Millions of Americans go to the polls each November to vote for elected officials. Some vote easily, but others are denied their vote due to systemic suppression. All voters should be allowed to cast their ballots unless currently incarcerated. Suppressing voters violates the ideals of the United States and skews the government in a way that is not representative of the population.

Voter suppression, especially partisan suppression designed to support a certain party, has a long history. Black men were not able to vote until the Fifteenth Amendment was ratified in 1870, and women could not vote until the Nineteenth Amendment was ratified in 1920. Even when these groups were allowed to vote, they were still discouraged from voting. During the Great Depression, with the country in economic collapse, women were encouraged to stay home and out of politics. In many places in the South, until the 1960s, white officials would administer a ‘literacy test’ for African-American voters. The verbal test would delve into bizarrely obscure trivia that had nothing to do with a person’s capability to vote. Many African-Americans were turned away because of failure of this test. The Voting Rights Act of 1965 outlawed this practice.

Voter suppression still occurs in the form of felony disenfranchisement. Felony disenfranchisement makes felons – people who have served at least one year in jail – unable to vote, even after they serve their prison sentence. In every state except Maine and Vermont, felons are not allowed to vote while in prison. This is logical, given that a person committing a crime has been given a sentence to serve in which they do not have a voice in society. However, many states do not allow felons to vote while on probation or parole, and three states – Iowa, Virginia, and Kentucky – permanently disenfranchise felons so that they cannot vote even after their sentence is ended. This specifically discriminates against African-American voters, fifteen percent of whom have faced felony conviction. Felony disenfranchisement effectively takes away the votes of fifteen percent of black Americans.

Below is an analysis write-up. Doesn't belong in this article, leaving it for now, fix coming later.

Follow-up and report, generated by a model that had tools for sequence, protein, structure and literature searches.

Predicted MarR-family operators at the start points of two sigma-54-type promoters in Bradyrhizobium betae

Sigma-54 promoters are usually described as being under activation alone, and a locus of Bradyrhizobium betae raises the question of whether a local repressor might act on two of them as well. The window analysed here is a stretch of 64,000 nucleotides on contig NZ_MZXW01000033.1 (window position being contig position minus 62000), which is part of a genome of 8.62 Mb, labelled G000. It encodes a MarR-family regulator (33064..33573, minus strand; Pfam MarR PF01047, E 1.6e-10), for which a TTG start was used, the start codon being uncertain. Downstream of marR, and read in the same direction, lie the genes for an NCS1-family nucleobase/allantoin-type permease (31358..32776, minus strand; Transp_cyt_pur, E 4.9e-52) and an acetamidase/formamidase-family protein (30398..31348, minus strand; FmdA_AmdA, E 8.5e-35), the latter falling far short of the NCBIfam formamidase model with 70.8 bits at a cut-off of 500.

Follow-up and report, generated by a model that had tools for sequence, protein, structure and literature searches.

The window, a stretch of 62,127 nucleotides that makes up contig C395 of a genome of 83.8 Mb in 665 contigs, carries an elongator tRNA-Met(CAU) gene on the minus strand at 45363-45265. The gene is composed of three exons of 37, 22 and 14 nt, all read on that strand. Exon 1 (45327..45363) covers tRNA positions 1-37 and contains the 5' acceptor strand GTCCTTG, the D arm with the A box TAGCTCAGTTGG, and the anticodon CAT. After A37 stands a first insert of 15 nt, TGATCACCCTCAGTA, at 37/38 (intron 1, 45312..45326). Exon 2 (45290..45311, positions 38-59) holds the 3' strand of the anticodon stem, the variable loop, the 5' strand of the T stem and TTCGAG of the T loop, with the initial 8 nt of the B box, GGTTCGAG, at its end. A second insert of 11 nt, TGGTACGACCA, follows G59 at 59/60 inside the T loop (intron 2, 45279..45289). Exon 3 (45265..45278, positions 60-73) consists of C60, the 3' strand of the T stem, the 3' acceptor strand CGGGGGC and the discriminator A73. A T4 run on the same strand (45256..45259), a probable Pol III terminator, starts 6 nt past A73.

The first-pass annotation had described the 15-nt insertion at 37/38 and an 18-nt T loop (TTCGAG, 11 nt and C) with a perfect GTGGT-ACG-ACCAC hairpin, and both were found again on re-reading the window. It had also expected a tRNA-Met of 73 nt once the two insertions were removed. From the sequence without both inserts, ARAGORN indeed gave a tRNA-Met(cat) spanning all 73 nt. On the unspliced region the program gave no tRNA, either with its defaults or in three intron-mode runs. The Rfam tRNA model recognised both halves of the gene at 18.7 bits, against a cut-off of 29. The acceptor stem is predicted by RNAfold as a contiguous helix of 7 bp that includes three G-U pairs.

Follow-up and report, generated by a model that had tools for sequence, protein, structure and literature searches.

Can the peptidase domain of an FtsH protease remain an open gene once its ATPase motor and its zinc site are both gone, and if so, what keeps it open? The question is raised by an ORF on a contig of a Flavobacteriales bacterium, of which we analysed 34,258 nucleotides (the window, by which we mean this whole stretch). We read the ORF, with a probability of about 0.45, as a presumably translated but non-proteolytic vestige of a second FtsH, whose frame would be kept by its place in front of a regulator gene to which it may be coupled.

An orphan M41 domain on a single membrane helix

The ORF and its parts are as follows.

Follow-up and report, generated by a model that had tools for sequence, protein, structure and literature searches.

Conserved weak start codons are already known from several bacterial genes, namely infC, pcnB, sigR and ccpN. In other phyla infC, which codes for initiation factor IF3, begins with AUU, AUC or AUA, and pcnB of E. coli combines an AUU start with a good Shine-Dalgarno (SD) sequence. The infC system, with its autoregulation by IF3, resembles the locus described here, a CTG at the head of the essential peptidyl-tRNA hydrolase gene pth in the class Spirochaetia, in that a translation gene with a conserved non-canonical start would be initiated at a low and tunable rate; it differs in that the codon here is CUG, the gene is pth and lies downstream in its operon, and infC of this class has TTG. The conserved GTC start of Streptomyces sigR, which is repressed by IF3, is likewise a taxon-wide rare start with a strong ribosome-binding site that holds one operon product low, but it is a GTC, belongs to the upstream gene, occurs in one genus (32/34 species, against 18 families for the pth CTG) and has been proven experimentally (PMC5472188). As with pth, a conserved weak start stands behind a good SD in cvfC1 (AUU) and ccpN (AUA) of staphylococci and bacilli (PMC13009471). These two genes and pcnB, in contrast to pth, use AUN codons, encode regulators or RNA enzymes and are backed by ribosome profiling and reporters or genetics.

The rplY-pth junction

All non-incarcerated citizens of the United States should be able to vote. When crimes are committed, a specific sentence is given as punishment, and when the sentence is up, felons should be able to rejoin society with all of their former rights. On November 6th, the citizens of Florida voted to repeal permanent felony disenfranchisement. As a result, more than 1.5 million ex-felons will regain the right to vote, dramatically changing the makeup of the state’s voting population.

Voter ID requirements also restrict voters. The U.S. is unique in the world for letting the states govern voting requirements, as opposed to having a federal list of criteria. Voters must be registered, and the deadline for registration is often a month before the election. A number of states also require the voter to show a photo ID, which not all voters have, and some require that IDs originate in-state, which is problematic for student voters attending out-of-state universities. This decreases the ability of the youth to vote. ID requirements can make the process difficult for students and low-income voters, and it is not getting easier. Since 2010, 23 states have passed laws making the voting process harder.  

In the United States, every free citizen should be able to vote. The US needs to end felony disenfranchisement, and move up the the deadline for registering to vote. Felony disenfranchisement could be ended with a constitutional amendment, but since such strong action is unlikely, states should stop passing laws that restrict citizens from casting their ballots. In a democracy, every voters’ opinion must be taken into account. If it is not, the representation in our country is skewed, and the result is not what the majority of people desire.

The United States is built on ideals that each person has a voice in their government. If that voice is taken away from specific people, we are rupturing those ideals in favor of a system that listens to only some and ignores others.